I’m an advocate for discussing value rather than focusing on the technology that underpins it, so I’m always happy when our initial conversations with customers and prospects start with their motivation for using our solutions.
To be specific, we start with the user story, which is a simple description of your requirements and follows this format: As a …… I want to …… so that I ……
The first thing to do is define your user. At this point it can be helpful to give the person a name and list out their characteristics and behaviours. Example: As a facilities manager
Next, we think about what the user wants to achieve from the project. Example: As a facilities manager, I want to be alerted to potential instances of Legionnaires bacterium
Now imagine you are the user and describe the benefit that this project will deliver. Example: As a facilities manager, I want to be alerted for potential instances of Legionnaires bacterium, so that I keep my assets compliant and protect the wellbeing of my tenants.
Once the user story has been created, our recommendation is a workshop to focus on the outcomes we want to accomplish, and the barriers that currently prevent this from occurring. Importantly, the barriers should include people and processes, not just data and technology. If at this point there are multiple user stories, it can be helpful to group them into manageable projects and then prioritise those that would yield the greatest results.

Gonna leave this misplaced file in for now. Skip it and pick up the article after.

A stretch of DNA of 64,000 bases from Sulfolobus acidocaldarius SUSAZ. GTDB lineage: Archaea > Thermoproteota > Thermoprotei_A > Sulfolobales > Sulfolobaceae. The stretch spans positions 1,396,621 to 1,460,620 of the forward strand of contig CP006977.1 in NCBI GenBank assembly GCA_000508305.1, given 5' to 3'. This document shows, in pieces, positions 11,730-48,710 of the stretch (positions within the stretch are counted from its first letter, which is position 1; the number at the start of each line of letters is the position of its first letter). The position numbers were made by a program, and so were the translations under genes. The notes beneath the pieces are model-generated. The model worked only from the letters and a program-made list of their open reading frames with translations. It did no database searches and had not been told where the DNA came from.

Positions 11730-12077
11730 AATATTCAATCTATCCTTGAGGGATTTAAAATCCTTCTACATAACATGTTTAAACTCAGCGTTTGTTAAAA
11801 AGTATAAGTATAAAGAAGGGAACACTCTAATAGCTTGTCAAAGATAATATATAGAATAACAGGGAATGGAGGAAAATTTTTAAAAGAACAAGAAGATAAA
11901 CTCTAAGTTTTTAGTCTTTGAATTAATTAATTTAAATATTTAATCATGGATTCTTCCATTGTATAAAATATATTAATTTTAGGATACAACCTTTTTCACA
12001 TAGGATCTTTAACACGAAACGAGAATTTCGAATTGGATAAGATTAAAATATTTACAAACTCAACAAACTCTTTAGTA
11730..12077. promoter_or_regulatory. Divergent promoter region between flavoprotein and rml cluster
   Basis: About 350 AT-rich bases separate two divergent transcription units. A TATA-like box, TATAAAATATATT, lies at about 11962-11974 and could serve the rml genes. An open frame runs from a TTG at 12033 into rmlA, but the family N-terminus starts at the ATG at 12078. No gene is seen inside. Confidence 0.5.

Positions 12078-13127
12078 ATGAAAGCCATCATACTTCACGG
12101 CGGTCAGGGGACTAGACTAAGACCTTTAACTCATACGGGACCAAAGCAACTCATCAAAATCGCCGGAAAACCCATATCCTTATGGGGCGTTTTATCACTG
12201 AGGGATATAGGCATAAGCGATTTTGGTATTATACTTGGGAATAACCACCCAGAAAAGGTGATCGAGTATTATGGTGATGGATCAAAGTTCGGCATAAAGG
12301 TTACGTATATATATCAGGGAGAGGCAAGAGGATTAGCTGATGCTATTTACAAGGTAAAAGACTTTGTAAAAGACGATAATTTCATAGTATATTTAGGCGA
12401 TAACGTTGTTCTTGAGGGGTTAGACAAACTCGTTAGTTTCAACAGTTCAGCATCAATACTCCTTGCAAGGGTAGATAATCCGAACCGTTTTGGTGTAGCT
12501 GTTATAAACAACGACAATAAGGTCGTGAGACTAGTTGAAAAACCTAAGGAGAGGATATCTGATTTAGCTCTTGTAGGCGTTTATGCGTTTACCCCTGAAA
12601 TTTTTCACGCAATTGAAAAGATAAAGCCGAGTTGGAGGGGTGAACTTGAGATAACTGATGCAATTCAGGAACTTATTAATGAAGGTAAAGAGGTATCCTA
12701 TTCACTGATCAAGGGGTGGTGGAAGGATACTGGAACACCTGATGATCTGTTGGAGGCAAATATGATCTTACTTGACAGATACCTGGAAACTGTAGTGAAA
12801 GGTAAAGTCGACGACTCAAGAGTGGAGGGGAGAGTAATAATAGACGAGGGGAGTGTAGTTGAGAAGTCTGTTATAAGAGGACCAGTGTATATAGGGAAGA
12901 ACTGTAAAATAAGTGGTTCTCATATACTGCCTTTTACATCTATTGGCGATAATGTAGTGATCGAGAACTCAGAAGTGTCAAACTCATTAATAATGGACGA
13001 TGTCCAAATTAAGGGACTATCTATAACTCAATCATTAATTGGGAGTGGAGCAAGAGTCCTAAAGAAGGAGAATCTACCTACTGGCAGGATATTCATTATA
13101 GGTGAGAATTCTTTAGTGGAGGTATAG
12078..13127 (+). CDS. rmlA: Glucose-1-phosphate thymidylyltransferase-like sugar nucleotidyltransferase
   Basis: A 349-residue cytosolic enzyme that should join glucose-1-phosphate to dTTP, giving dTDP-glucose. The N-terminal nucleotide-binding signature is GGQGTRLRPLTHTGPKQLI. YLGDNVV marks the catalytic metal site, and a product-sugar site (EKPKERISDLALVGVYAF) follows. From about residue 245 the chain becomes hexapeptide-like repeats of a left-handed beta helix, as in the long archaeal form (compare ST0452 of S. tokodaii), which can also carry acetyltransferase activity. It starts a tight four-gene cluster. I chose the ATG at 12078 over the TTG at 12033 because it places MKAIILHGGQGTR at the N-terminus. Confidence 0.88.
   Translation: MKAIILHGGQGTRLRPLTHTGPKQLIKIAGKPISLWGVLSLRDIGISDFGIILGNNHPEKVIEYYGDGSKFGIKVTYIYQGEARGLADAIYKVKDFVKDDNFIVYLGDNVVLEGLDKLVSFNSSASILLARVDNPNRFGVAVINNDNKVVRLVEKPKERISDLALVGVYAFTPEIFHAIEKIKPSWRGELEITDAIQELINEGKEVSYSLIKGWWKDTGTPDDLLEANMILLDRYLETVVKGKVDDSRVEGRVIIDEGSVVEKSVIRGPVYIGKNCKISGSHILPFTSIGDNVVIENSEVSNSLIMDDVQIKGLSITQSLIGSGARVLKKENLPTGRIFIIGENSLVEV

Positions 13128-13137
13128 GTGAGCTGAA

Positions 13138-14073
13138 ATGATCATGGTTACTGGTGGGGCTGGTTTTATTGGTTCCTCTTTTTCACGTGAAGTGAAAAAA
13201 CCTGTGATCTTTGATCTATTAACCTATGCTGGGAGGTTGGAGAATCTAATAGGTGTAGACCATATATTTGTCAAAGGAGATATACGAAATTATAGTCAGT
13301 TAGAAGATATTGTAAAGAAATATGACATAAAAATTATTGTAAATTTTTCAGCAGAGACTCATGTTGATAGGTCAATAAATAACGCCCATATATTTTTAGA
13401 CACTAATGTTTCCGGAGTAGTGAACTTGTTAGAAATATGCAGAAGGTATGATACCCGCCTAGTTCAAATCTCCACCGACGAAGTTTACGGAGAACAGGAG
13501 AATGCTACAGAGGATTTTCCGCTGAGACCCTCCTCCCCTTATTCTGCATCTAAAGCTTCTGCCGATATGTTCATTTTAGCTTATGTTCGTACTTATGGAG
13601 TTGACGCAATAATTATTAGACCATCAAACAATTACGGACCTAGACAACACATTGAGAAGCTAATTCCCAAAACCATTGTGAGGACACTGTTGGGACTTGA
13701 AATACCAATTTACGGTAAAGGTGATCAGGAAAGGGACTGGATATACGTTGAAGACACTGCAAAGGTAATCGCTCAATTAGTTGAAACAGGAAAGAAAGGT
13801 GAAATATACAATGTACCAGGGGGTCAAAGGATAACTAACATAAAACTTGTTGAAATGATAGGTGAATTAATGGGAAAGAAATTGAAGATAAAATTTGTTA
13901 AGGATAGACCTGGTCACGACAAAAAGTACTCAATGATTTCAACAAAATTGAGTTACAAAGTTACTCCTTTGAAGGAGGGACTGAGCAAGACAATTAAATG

Only when the user stories, desired outcomes and barriers have been identified, do we begin to work on potential solutions.
In summary, people are experts in their own lives, so are best placed to tell you what’s important to them, it’s just that they may need help to do this. If you take the time to understand what value means to the user and can demonstrate how new technologies or products can substantially improve their quality of living, they are far more likely to be adopted successfully.
Jon Petch - Sales Director at IoT Solutions Group